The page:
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The Placebo Orthodoxy and the Double Standard of Care in Multinational Clinical Research. Maya J. Goldenberg Department of Philosophy University of Guelph. Outline. Perinatal HIV Transmission Trials in Developing Countries Bioethics Response

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the placebo orthodoxy and the double standard of care in multinational clinical research

The Placebo Orthodoxy and the Double Standard of Care in Multinational Clinical Research

Maya J. Goldenberg

Department of Philosophy

University of Guelph

outline
Outline
  • Perinatal HIV Transmission Trials in Developing Countries
  • Bioethics Response
  • Methodological Debate: Placebo vs. Active Controlled Trials
  • Inference from Historical Data
  • Where are we Now?
i perinatal hiv trials
I. Perinatal HIV Trials
  • 076 regimen: the standard of care

Connor EM, et al. “Reduction of maternal-infant transmission of human immunodeficiency virus type 1 with zidovudine treatment.” Pediatric AIDS Clinical Trials Group Protocol 076 Study Group. N Engl J Med 1994;331:1173-80.

  • Translational research for simpler AZT regimen in developing world
  • OBJECTIONS to placebo control trials
    • unethical in 2nd generation therapeutics research (Declaration of Helsinki, CIOMS)
    • Exploitative double-standard of care in developing world
    • Not methodologically superior to active-controlled equivalency trials
trial designs
Trial Designs
  • Superiority Trials (usually placebo control)

Determine clinically relevant difference between two interventions

  • Equivalence Trials (usually active control)

Determine whether a (new) intervention is neither better nor worse than established intervention

  • Non-inferiority Trials (usually active control)

Determine whether a (new) intervention is not inferior to another established intervention

ii bioethics response
II. Bioethics Response
  • Dissecting the vagaries of current codes governing research using human subjects (Macklin 2001; Lie et al. 2004)
  • Governing principles of “reasonable availability” and “fair benefits” for outsourcing clinical trails (Glantz et al 1998; Arras 2004; Emmanuel 2004; Grady 2005)

3. Are ethical norms universal or contextual? (Levine 1999)

  • Voluntary informed consent by desperately poor people? (Resnik 2001; Shuklenk 2001; Macklin 2003)
  • Social justice and global inequality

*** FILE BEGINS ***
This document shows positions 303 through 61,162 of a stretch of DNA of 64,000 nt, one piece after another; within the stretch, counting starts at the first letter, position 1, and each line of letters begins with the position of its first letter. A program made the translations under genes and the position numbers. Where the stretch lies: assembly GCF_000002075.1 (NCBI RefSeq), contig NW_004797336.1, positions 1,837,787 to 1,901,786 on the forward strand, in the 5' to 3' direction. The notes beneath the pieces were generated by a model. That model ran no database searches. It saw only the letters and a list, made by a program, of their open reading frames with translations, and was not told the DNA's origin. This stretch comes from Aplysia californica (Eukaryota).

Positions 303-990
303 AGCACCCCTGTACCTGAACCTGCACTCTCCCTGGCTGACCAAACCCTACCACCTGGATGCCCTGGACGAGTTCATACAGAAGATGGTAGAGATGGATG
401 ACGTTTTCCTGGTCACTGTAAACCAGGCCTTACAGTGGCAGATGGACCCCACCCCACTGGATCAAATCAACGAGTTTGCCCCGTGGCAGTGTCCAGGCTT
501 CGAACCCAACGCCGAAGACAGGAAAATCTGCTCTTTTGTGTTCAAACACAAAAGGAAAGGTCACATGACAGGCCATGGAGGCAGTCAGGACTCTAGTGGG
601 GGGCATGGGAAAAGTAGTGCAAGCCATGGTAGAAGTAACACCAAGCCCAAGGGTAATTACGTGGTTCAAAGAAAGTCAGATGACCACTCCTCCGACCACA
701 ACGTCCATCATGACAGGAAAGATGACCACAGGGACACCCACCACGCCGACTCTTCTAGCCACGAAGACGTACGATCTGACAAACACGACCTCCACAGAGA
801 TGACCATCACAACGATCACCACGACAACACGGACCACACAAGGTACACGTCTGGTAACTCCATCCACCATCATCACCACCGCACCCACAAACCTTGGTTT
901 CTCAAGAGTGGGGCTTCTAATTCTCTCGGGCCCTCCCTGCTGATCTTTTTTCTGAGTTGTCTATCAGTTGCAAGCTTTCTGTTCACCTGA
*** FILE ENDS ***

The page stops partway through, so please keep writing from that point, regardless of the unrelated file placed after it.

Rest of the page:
(Benatar& Singer 2000; London 2005; Pratt & Loff 2013)

a accept the majority view on placebo controlled trials
a. Accept the majority view on placebo controlled trials
  • The ethics of placebo controls debate framed as a trade-off between science and ethics:
    • PCTs are “scientifically sound but [often] ethically unacceptable”
    • ACEs are “ethically sound but scientifically not reliable” (Splawinski & Kuzniar 2004)
b acknowledge the methodological debate
b. Acknowledge the methodological debate

“Two epidemiologists who have opposed placebo-controlled trials contend that ‘most of the scientific arguments are either wrong or distorted.’ Of course opponents disagree”

(Macklin 2004, p. 30)

c refuse to engage the methodological debate
c. Refuse to engage the methodological debate
  • Annas G, Grodin M (1998). Human Rights and Maternal-Fetal HIV Transmission Prevention Trials in Africa. Am J Pub Health 88: 560-563.
declaration of helsinki rev 2008
Declaration of Helsinki (rev. 2008)

“Where for compelling and scientifically sound methodological reasons, the use of placebo is necessary to determine the efficacy or safety of an intervention” (Par. 33)

iii methodological debate placebo vs active controlled trials
Perinatal HIV Transmission Trials

Bioethics Response

III. Methodological Debate: Placebo vs. Active Controlled trials

IV. Inferences from the Historical Data

V. Where are we Now?

prior challenges to superiority of placebo controlled trials
Prior challenges to superiority of placebo-controlled trials
  • Rothman K, Michels K (1994). “The Continuing Unethical Use of Placebo-Controlled Trials.” New Engl J Med 331 (6): 394-398.
  • Rothman K (1996). “Placebo Mania.” [letter]. Brit Med J 313 (6 July): 3-4.